Gaming to study: Choosing your game well.

So, you have learned several things to keep in mind about import gaming with language learning as a desired result. You know to set goals, so that you know what you want to get out of a game, and can focus on getting that aspect. You know the keep in mind your level. You know the importance of actually using a dictionary and using it to learn the vocab. You know to think about how game features might help you learn. You know that convention is a useful shortcut through some game systems, but that you shouldn’t just skip the text. And you know that you can rely on your intuition to work out the overall meaning of a sentence.

But that is all focused on you, the player. This is about helping you identify games that might be well suited for second language playing.

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Please bare in mind that while I focus on Japanese games, import gaming is not limited to this country. Germany, Korea, China and many other countries all have a huge amount of interesting games that don’t get released elsewhere, and while this advice is tailored to Japanese games, I am sure some of it will transfer.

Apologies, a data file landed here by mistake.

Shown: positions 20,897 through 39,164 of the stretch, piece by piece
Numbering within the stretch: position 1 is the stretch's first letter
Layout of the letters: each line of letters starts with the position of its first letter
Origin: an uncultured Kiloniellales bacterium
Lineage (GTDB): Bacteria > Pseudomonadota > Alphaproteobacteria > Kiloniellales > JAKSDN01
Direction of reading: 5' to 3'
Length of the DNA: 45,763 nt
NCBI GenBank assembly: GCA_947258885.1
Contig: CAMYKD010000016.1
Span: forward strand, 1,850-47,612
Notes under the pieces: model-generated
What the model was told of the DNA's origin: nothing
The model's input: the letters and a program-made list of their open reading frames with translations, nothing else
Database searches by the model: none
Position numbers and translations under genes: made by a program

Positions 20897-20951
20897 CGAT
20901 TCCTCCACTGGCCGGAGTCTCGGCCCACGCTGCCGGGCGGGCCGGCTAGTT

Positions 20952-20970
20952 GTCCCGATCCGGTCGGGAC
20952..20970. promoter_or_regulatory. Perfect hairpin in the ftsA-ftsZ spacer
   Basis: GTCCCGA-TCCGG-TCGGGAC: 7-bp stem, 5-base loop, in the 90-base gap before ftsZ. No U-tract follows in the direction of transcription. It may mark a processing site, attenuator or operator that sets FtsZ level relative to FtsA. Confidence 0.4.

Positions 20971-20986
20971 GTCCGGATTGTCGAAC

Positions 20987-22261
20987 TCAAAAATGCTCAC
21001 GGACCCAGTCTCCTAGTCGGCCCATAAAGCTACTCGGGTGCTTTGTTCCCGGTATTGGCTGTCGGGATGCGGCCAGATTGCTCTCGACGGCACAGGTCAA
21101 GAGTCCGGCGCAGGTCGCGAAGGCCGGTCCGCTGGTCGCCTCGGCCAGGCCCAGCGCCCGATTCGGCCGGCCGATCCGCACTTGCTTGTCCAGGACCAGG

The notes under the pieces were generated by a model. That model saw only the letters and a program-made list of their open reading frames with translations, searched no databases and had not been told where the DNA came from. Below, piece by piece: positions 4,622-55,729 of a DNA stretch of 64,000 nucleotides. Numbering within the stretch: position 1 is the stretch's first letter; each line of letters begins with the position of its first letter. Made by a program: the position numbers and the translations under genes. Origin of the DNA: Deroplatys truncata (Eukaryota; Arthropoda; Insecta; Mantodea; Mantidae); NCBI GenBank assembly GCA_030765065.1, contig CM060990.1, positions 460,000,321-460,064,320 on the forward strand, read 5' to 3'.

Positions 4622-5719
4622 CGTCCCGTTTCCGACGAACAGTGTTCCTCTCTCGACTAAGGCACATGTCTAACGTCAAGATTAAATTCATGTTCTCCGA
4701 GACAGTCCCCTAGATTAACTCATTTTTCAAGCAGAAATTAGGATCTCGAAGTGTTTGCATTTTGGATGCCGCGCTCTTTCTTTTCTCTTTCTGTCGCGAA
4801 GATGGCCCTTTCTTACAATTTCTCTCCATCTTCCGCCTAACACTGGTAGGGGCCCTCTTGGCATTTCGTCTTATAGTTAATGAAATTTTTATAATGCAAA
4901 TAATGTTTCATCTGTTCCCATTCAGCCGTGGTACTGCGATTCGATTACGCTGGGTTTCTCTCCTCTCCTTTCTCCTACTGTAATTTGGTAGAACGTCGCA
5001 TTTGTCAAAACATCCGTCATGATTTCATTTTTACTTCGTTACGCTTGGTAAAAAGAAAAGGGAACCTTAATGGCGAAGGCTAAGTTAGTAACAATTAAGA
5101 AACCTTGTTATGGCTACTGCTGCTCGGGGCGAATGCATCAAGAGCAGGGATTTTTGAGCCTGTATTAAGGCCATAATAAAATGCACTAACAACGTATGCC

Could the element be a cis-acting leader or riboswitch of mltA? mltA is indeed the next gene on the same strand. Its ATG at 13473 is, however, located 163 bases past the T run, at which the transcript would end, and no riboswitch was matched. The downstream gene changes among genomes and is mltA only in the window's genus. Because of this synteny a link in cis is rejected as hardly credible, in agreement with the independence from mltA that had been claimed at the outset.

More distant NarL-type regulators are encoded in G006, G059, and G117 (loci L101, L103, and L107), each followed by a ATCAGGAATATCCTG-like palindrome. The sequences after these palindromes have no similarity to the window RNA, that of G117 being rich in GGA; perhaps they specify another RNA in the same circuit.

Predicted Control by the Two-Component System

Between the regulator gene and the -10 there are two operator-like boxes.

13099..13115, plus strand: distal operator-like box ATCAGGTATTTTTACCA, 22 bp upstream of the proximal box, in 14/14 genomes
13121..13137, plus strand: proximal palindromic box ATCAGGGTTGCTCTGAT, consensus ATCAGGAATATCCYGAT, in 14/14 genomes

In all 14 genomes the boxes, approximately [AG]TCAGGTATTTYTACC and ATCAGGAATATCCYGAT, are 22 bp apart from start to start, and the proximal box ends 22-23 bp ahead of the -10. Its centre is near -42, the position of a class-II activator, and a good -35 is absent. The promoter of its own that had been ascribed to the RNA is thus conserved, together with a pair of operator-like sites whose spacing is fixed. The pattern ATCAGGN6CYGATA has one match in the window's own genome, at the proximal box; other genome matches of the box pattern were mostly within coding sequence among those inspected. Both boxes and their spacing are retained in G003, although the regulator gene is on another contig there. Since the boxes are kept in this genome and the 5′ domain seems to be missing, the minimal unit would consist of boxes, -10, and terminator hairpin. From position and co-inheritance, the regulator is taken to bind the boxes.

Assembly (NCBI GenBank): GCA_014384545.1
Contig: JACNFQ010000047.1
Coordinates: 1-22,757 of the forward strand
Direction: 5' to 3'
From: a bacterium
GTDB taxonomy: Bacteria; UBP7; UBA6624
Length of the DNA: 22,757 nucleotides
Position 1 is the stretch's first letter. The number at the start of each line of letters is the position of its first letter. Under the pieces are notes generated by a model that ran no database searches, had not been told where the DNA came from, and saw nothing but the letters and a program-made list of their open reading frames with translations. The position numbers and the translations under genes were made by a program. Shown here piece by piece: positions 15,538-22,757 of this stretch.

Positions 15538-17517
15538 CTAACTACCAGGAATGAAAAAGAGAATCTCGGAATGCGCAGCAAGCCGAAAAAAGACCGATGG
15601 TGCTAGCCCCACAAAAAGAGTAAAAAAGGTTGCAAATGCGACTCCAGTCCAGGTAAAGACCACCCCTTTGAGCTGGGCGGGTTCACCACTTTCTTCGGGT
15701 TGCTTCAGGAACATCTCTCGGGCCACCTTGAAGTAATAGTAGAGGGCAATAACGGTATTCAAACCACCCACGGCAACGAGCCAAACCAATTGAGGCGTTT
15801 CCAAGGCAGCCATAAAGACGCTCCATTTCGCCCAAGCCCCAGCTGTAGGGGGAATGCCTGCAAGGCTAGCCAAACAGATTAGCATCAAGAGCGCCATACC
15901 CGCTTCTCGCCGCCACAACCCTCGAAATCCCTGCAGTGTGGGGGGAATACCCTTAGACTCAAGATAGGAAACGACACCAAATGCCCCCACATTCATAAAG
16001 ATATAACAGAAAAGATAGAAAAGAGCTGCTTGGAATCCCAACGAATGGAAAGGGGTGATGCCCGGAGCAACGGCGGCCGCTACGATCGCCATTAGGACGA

1) PASSION

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Game or study? Why choose when you can do both!

So, recently I bought myself Hyrule Warriors in Japanese. It’s a fun, dumb beat em up so I thought what could be the problem. Plus it’s Zelda, so Furigana (pronunciation guide for kanji) will be there… And it was.

But the problem with a Warriors game I hadn’t considered was because it’s so real time and a lot of constant information, combined with my reading speed not being quite quick enough to catch everything. Curiously, in an attempt to seem more Zelda-like, cutscenes play out in real time, but with textboxes and the odd sampled “oh/gasp/what” which also left me without time to read some of the more complex parts, and certainly no chance to look up anything. Making this dumb game much more language intensive than expected.

So while I had planned to make an effort, right now all I’m able to do is get a gist and try and remember what words to look up later! This miscalculation got me thinking about gaming in Japanese when it is your second language, which I have been doing for about 8 years and so here is some advice on the subject of gaming in Japanese WITH THE INTENT TO LEARN.

I will cover some things to keep in when in Japanese when you don’t have learning as a core outcome another time. This advice assumes you have basic Japanese. ひらがな nor カタカ
should make you scared, but you still wince at 漢字.

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